Why was there such a large turnaround in the youngest groups? To look for an answer, we considered three factors that, to a casual observer, may have played a role in rising home ownership: the tax code, affordable-housing programs and innovations in mortgage lending that have lowered down payments.

Tax Law

One potential reason for the rise in home ownership may be the tax deduction for mortgage interest. Taxpayers who itemize are able to deduct interest payments on home mortgage loans from their taxable income. The rise of home equity loans allows homeowners to substitute mortgage debt for other types of debt, increasing the value of the deduction.

A recent study by economists Edward Glaeser and Jesse Shapiro, however, suggests that this deduction does not increase home ownership. Rather, they find that the deductibility of the mortgage interest and property tax payments encourages those who are already homeowners to buy larger and more expensive homes.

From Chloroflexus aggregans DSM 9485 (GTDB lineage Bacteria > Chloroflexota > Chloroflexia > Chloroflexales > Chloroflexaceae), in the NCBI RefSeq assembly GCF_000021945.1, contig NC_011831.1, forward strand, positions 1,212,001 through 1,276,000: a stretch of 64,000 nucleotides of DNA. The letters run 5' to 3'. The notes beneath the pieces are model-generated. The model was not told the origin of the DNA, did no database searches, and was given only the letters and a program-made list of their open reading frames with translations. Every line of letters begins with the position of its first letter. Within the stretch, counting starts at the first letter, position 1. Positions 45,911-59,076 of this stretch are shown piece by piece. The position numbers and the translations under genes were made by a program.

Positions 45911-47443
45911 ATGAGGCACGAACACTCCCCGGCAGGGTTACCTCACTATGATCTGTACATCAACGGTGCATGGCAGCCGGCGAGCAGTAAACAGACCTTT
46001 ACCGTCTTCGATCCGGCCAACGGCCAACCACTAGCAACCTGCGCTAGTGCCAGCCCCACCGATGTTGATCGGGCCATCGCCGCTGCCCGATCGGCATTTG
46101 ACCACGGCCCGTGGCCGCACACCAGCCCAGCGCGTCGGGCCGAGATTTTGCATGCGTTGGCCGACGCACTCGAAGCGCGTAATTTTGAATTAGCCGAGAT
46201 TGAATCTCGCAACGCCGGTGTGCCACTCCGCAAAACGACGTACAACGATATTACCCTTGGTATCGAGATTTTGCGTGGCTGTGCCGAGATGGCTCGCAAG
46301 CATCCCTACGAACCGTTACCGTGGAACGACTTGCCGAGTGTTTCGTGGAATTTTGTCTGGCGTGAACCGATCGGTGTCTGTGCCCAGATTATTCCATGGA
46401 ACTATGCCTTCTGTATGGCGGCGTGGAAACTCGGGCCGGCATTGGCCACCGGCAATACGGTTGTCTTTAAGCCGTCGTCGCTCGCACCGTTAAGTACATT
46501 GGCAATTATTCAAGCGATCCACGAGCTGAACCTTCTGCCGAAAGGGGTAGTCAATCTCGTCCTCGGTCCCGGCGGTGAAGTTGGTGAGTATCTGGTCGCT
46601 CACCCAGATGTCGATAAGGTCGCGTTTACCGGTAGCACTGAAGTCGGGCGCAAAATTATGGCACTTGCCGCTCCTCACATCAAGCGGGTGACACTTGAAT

Taxpayers are also allowed to deduct payments of state and local taxes paid on real property. In addition, since 1997, homeowners have been allowed to take a tax-free capital gain up to $250,000 on the sale of a principal residence every other year. These tax features also encourage homeowners to demand larger and more expensive homes, but this demand would have the effect of raising home prices, thus hurting, not helping, first-time homebuyers.

Affordable-Housing Programs

Another possible explanation for the rise in home ownership among the young may be government affordable-housing programs. The Department of Housing and Urban Development (HUD) has three such programs: HOZ, SHOP and HOME.